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When I’m out and about, especially on trains, I love using sketchbooks. I’ve got lots of Moleskin ones, a different colour per project. But, I confess that, in the main, when I’m working up an idea, character or spread, I use everyday plain A4 white paper – and reams of it!  Squiggle, scratch, swirl, sweep. I’m not sure how many other illustrators do this, but I also enjoy sketching in biro first. It’s all about getting the right shape and movement – those ‘unprecious’ sketches and scorings loosen up my initial drawings. Now I understand why editors always jump to the back of portfolios to find the sketchy stuff!

 

Then, from this sketchy beginning, I start refining, trying to retain some of that initial energy. I think that’s why my other favourite stage is watercolour (which I save ‘til last). No matter how adept you might think you are, watercolour has its own mind and it can sometimes surprise you. Often the happy accidents are the ones that add more character, either to clothing or backgrounds.

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Using my lightbox really helps to overlay and position. I do less-rough roughs on my iPad, using Procreate, then crayon, watercolour and gouache for the finals. I always aim to do the final artwork in character batches, for continuity, and have whole afternoons or evenings on just one person. You really get to ‘know’ them that way!

Sometimes characters pop up first time around. Einstein, for instance, is very similar to the first sketch I drew. I was given free rein, which is always exciting. I knew he had to be big, hairy and animated. Immediately I thought of THE Einstein and gave him a big, bushy moustache and scraggly hair. The lolling tongue and sideways eyes gave him just the look I was after. Mr Boffin is basically me (if I ate my spinach, drank umpteen protein shakes and actually went to the gym, that is). Mrs Good is a take on my mum (sorry, Mum!). But Mr Good, who was a little portly at first, took a bit of slimming down… The twins Lottie and Al were a little too old at first but soon lost a couple of years.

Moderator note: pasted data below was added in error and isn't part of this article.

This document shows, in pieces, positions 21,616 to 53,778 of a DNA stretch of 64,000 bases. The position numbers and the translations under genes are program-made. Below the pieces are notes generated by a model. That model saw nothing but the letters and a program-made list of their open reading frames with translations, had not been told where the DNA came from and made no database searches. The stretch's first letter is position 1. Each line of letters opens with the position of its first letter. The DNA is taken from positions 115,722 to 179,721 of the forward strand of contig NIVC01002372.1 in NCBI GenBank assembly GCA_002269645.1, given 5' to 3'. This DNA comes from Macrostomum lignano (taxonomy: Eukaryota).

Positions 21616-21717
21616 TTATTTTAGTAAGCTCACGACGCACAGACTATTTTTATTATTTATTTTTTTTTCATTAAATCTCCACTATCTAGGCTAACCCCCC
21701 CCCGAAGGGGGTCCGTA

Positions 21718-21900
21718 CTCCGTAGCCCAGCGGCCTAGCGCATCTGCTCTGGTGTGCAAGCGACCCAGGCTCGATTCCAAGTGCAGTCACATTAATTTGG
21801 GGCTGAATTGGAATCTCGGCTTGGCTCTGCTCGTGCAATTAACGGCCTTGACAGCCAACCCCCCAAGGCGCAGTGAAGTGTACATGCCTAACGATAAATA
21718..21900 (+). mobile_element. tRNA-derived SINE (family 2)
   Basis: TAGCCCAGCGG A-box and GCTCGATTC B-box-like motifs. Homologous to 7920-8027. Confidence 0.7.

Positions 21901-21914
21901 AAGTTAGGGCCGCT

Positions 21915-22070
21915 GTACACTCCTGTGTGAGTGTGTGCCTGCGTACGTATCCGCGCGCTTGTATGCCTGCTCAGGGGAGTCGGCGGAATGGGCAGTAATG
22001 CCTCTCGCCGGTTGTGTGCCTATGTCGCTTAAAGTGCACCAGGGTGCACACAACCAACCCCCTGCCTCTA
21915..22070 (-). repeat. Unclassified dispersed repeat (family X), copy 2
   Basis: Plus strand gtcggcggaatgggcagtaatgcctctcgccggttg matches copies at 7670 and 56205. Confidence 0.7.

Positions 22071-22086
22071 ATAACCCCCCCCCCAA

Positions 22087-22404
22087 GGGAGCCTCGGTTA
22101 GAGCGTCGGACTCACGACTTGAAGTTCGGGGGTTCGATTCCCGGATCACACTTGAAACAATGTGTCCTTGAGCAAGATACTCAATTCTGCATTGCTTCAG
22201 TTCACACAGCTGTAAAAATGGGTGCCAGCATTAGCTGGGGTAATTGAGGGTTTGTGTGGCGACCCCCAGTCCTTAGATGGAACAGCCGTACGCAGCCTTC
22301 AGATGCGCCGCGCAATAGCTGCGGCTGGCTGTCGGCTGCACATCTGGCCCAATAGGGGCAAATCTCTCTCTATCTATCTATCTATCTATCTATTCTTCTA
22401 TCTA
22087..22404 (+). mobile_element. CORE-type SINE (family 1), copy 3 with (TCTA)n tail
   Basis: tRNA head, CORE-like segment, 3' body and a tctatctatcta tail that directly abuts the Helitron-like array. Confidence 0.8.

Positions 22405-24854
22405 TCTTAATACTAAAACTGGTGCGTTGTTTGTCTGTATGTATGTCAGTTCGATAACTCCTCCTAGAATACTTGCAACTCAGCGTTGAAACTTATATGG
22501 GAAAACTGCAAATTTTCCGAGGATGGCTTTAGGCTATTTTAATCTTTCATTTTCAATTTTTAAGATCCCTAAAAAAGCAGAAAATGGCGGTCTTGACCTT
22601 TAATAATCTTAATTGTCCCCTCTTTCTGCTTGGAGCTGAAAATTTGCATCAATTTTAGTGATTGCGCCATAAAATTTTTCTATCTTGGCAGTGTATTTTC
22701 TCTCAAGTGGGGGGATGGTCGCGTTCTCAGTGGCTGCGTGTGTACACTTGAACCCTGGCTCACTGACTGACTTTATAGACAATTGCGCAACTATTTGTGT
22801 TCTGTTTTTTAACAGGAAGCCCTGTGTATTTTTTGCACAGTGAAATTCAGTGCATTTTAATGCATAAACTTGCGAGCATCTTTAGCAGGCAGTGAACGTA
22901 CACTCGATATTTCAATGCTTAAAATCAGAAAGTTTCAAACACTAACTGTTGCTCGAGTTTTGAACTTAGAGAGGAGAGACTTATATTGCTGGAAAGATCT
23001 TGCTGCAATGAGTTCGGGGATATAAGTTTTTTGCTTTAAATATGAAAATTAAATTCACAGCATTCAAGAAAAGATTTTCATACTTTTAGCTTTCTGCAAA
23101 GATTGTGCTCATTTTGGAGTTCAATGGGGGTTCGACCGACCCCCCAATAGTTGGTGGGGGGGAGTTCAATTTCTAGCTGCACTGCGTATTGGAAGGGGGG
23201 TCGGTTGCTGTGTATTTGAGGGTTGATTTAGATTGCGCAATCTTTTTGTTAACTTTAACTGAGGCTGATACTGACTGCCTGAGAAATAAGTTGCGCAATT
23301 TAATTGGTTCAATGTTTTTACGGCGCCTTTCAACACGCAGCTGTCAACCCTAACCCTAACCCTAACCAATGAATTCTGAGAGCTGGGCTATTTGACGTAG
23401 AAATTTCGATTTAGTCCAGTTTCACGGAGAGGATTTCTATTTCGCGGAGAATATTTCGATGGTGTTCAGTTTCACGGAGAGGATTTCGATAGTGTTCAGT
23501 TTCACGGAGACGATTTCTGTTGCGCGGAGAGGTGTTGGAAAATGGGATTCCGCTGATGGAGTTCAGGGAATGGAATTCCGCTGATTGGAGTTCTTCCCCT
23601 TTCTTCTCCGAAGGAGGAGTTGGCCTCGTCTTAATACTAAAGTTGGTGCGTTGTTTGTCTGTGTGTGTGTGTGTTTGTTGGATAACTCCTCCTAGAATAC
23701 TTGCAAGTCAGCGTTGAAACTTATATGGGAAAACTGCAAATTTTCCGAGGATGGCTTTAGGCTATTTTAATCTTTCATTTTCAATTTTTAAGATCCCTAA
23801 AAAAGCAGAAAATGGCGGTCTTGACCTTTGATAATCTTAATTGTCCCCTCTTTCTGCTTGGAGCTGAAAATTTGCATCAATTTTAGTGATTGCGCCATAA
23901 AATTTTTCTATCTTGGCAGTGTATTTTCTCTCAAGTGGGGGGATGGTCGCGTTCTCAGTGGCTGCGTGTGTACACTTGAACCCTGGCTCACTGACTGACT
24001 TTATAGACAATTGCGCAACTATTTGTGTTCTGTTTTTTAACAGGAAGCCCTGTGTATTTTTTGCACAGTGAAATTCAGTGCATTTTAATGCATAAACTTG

The freedom to try things out has been the most splendid aspect of illustrating this series. It’s very much a two-way conversation between me and the creative team. We always bounce ideas back and forth! I think flexibility and being open to ideas is important. My editor Natascha even sends me videos of her son doing the experiments! Then, BINGO! I can picture it and so too (hopefully) can the young scientists reading it with their own sketches and diagrams and oodles of doodles.

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Al’s Awesome Science: Egg-speriments! by Jane Clarke, illustrated by James Brown is out now, £6.99 paperback (published by Five Quills). Look out for more fun and experiments with Al and Lottie in book two, Splash Down!, coming spring 2018!

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With thanks to Catherine Ward and Five Quills for sending me this book to review. Find out more about the illustrator at www.jamesbrownillustration.com.

Fabulous Non-Fiction!

It’s National Non-Fiction November so the perfect time to share some of the wonderful non-fiction books published recently.  I often tell children that there are so many amazing books written for them that they are spoilt for choice! And they really are; especially when it comes to beautifully produced non-fiction books like those featured on the blog today. With Christmas not too far away these books would make wonderful gifts!  They also demonstrate the brilliance of text and illustration working together to bring the world to life for young readers.

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The Picture Atlas An Incredible Journey by Simon Holland, illustrated by Jill Calder